Professional Footballer's Australia and multiple ex-Socceroos have criticised the decision to hold last night's Big Blue at the Sydney Cricket Ground.
Antonis suffered a nasty muscle injury in his knee mid-way through the second half, when he misstepped on a pitch widely criticised for it's noticeable level differences, including a clearly showing cricket wicket.
PFA said the SCG pitch - which Sydney FC is contracted to hold at least six games at (pending availability) throughout the Allianz Stadium rebuild process - should have never been deemed playable.
Reportedly, Sydney FC have already intentionally scheduled three matches this season when the SCG wasn't available to avoid playing there.
“Firstly, the thoughts of every A-League player are now with Terry Antonis in the hope that his worst fears are not realised,” PFA chief executive, John Didulica said.
“The players confirmed with us last night that they were not consulted at any stage on whether or not the match should proceed, notwithstanding the clear issues that the pitch presented to their livelihoods.
“Accordingly, the PFA will convene a meeting with its A-League delegates this week and recommend two clear resolutions for adoption.
“Firstly, that FFA immediately commission an independent investigation into the process undertaken to approve last night’s match as being fit for play.
“The Laws of the Game dictate this is fundamentally a decision for the referee. However, the increasing complexity of match day operations makes it inconceivable that a referee would, or should, make such a decision in isolation of stakeholders.”
“Secondly, endorse a motion that players will no longer play on surfaces unacceptably compromised by a cricket wicket."
Ex-Socceroos Craig Moore and Scott McDonald also came out swinging at the A-League and Sydney's contract agreement, calling it a "shambles".
There is another pic.twitter.com/IGBmgHRywh— Craig Moore (@CraigMoore_18) April 7, 2019
In addition to citing the unnecessary pressure on the referee to judge a pitch for themselves, Didiluca also said that footballers shouldn't face an obligation to play on unsafe grounds.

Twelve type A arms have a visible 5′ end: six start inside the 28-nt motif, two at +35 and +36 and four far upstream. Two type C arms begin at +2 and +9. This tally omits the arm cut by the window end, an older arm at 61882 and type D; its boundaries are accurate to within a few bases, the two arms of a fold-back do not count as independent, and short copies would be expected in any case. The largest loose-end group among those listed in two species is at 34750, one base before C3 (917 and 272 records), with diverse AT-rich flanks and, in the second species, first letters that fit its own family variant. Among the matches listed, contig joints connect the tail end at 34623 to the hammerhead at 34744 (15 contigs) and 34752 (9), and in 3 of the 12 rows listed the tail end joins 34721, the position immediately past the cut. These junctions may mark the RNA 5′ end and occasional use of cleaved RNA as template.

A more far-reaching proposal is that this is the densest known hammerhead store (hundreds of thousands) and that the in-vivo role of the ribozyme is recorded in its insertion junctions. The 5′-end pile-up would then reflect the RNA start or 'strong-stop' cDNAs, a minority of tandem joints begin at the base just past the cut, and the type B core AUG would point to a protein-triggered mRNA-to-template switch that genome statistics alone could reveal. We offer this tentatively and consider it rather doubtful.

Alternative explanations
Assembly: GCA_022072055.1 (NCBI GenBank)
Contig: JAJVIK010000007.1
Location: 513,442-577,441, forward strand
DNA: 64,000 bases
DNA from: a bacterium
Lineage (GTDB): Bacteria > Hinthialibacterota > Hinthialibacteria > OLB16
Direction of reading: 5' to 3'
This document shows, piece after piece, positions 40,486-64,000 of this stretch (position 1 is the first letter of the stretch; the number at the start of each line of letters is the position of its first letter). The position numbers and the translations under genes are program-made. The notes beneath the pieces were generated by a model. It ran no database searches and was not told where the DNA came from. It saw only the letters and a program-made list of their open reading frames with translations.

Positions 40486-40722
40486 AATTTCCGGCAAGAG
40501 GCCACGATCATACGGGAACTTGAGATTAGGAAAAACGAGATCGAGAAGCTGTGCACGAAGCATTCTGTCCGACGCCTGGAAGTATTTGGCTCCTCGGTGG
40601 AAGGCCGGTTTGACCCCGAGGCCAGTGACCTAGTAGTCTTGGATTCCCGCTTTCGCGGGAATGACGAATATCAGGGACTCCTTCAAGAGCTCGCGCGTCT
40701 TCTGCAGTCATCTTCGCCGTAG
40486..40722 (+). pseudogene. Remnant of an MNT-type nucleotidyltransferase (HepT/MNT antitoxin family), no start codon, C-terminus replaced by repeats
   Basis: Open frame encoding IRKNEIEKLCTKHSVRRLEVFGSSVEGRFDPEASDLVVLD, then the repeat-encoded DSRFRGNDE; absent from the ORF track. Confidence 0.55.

“As demonstrated last night, cricket wickets present an unreasonable danger to the health and safety of footballers and it remains the view of the PFA that players are under no obligation to participate in matches when such risks are present. This includes the SCG," he said.
“On four occasions this season the PFA has been on the record calling for greater focus on the conditions of the pitches on which A-League and W-League players are being required to play.
“We even took the unprecedented step of sharing our annual pitch ratings survey a fortnight ago, whilst the season was still in progress, to shift focus to the dangerous drop in pitch standards across the country.”
In a statement, Melbourne Victory also highlighted the need for change, while admitting they didn't know the extent of Antonis' injury yet.
“Terry’s diagnosis and wellbeing is our immediate priority as a club, he will undertake scans later today and we will advise next steps from there. We are obviously hoping for the best possible outcome,” Victory CEO, Trent Jacobs said.
“After speaking with Kevin (Muscat) and some players post-match, the general consensus was our group felt the SCG pitch was not up to standard due to the inconsistency in surface.
“As a code, we need to ensure our players are presented with safe working conditions.
“I’ve spoken to the FFA to seek clarification on the process undertaken last night and furthermore to review what pitch approvals look like moving forward, to attain reform. We also need to address how Club’s reserve their rights on behalf of its players in the future.”